Botanist Joseph Banks travelled with James Cook on his first expedition to New Zealand in 1769–70. This journal entry describes the dawn chorus he heard on 17 January 1770, while the Endeavour was anchored in Tōtaranui (Queen Charlotte Sound), Marlborough Sounds:
"This morn I was awakd by the singing of the birds ashore from whence we are distant not a quarter of a mile, the numbers of them were certainly very great who seemd to strain their throats with emulation perhaps; their voices were certainly the most melodious wild musick I have ever heard, almost imitating small bells...."
Sadly, with the introduction of countless pest mammals to New Zealand, many of our forests have fallen silent. In 2009 the Waitohi Picton community decided to to take action by firstly establishing the Kaipūpū Point Mainland Island Society in 2005 and then in 2015 Picton Dawn Chorus Inc.
Kaipūpū Sanctuary is at the heart of our project. The long term goal for the area has been to establish a sanctuary through the eradication of introduced plant and animal pests. The 600m pest proof fence has helped Kaipūpū become predator free. The fence offers a first line of defense against pests such as rats, mustelids and possums from re-entering the sanctuary.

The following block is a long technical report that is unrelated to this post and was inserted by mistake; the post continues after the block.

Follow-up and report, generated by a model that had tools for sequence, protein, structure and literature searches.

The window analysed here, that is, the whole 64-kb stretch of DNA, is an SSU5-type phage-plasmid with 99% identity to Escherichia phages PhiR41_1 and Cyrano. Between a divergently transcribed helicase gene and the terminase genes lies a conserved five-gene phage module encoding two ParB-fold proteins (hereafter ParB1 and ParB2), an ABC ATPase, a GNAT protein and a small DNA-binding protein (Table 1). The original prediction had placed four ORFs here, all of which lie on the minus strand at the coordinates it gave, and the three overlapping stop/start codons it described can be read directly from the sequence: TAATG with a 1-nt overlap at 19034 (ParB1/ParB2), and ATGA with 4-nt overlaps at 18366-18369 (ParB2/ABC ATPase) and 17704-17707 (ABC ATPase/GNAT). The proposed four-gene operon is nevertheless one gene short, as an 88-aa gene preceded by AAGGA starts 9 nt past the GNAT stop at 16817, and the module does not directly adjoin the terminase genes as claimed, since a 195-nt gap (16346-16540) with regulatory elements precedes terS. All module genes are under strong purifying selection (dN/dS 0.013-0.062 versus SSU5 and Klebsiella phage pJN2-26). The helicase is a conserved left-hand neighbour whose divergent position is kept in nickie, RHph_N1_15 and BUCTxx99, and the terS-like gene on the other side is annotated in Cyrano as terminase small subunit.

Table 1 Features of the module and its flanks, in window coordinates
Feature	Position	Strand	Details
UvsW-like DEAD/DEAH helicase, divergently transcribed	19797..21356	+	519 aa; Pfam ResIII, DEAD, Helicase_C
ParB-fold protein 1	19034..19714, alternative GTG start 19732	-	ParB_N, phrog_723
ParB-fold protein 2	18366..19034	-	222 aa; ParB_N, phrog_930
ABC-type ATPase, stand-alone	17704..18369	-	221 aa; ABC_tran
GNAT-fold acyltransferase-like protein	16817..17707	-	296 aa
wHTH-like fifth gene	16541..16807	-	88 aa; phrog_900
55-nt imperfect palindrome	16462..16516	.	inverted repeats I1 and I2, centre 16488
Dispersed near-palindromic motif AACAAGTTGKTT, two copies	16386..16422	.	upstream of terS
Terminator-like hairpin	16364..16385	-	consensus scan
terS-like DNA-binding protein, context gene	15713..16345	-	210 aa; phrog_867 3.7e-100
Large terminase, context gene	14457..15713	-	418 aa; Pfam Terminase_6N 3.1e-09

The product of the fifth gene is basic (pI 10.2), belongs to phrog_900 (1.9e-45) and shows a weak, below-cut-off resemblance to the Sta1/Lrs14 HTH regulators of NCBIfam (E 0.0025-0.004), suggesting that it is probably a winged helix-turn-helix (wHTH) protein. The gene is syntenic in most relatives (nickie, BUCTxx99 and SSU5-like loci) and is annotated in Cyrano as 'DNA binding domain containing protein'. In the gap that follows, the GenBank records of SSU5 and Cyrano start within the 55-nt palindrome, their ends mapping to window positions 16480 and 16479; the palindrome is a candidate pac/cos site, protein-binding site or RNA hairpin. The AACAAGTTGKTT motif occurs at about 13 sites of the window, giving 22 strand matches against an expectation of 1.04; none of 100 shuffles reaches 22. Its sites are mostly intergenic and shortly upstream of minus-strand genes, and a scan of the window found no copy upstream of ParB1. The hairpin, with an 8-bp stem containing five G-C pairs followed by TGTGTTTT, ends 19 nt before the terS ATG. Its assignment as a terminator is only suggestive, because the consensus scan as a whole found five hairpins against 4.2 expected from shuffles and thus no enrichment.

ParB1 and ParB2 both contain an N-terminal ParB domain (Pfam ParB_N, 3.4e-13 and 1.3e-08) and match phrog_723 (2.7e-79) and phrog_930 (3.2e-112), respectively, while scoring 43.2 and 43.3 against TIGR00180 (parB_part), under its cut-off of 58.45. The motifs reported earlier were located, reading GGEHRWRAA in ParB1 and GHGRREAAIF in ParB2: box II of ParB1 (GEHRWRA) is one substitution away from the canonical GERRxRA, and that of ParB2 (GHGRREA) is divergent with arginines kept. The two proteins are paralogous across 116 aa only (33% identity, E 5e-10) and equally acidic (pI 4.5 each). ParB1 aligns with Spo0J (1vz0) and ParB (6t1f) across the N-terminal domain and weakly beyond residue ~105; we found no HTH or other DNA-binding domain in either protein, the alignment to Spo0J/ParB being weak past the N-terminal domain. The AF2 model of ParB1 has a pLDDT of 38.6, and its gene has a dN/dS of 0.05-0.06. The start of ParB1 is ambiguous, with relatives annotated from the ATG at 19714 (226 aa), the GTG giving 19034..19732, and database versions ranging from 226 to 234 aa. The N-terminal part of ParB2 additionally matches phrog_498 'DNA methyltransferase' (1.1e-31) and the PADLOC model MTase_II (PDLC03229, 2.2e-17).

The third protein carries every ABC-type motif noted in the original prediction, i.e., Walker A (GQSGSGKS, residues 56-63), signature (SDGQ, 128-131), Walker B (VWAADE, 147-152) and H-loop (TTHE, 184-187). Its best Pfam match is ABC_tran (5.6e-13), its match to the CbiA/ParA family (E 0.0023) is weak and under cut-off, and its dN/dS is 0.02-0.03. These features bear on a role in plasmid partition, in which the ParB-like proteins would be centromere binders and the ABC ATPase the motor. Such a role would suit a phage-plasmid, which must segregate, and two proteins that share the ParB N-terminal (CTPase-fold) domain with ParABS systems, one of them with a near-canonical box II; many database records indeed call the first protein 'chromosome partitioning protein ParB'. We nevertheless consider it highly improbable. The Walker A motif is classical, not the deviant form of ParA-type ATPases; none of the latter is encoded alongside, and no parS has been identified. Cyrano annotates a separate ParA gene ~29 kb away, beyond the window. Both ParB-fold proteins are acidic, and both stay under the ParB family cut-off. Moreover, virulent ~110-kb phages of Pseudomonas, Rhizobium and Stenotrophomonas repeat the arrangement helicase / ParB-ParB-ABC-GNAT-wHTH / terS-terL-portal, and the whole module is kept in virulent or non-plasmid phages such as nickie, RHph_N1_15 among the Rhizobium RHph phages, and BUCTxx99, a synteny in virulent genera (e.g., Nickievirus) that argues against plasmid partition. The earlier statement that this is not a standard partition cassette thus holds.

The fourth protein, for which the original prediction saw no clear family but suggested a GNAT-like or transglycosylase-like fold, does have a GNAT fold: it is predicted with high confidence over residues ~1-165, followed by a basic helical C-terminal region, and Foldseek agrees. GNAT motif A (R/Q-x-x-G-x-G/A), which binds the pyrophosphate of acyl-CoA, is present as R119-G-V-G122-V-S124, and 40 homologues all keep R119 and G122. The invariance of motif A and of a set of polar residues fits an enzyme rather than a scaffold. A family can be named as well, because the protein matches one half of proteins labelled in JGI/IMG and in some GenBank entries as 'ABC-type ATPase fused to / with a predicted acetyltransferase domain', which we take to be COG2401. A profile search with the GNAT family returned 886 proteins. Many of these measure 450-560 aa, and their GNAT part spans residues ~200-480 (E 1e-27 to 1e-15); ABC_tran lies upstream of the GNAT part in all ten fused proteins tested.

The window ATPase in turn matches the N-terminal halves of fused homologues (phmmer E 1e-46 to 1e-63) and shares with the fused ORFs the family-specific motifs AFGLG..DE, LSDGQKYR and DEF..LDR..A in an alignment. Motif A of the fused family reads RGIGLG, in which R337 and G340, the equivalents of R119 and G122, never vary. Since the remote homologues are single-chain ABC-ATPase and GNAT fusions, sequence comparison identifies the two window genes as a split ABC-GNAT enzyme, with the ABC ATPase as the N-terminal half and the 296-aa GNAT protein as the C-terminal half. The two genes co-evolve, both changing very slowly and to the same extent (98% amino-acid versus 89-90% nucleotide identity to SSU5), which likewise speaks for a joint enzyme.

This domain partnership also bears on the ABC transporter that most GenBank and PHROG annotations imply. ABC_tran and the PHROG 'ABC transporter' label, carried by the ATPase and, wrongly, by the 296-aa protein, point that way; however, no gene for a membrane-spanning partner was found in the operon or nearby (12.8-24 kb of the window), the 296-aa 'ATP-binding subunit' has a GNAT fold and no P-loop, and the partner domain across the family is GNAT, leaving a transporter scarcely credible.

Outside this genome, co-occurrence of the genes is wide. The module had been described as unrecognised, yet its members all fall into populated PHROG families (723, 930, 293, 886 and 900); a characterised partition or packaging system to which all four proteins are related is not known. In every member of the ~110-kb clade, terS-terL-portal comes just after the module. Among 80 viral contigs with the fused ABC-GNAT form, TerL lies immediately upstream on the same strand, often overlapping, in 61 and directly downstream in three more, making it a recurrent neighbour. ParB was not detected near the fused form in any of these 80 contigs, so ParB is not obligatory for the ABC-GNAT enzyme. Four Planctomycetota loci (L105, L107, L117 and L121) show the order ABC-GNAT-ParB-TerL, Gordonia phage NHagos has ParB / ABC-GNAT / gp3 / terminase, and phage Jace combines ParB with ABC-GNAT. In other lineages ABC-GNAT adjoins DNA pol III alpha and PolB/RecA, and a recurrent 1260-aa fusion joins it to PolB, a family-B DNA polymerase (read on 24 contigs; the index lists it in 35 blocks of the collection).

Picton Dawn Chorus was established to provide a second line of defense. Our Operational Plan gives a target area, totaling 4,815 ha surrounding Kaipūpū Point, which has been split in to four stages:
1) Victoria Domain
2) Urban Picton and Waikawa
3) The Wedge
4) The surrounding hills of Picton
To date we have a network of 75 traplines with over 3,000 traps in place.
The traplines across Victoria Domain, The Wedge and Kaipūpū are checked mostly by volunteers on a weekly roster with the more difficult tracks being tended to by our experienced bush trapping team. In Picton/Waikawa township, one in four residents are now trapping in their own gardens.
In 2023 Picton Dawn Chorus Inc. and the Kaipūpū Point Mainland Island Society merged with a new vision in mind -
A committed and enthusiastic community, where people of all ages celebrate flourishing native flora and fauna in the Waitohi rohe (area)
Bringing the birdsong back
........."We wouldn't have achieved what we have without our incredibly valuable members, volunteers and supporters. I feel like we have drawn the community together.” But Jill says that they can’t rest on their laurels.......there’s still a lot of work to be done...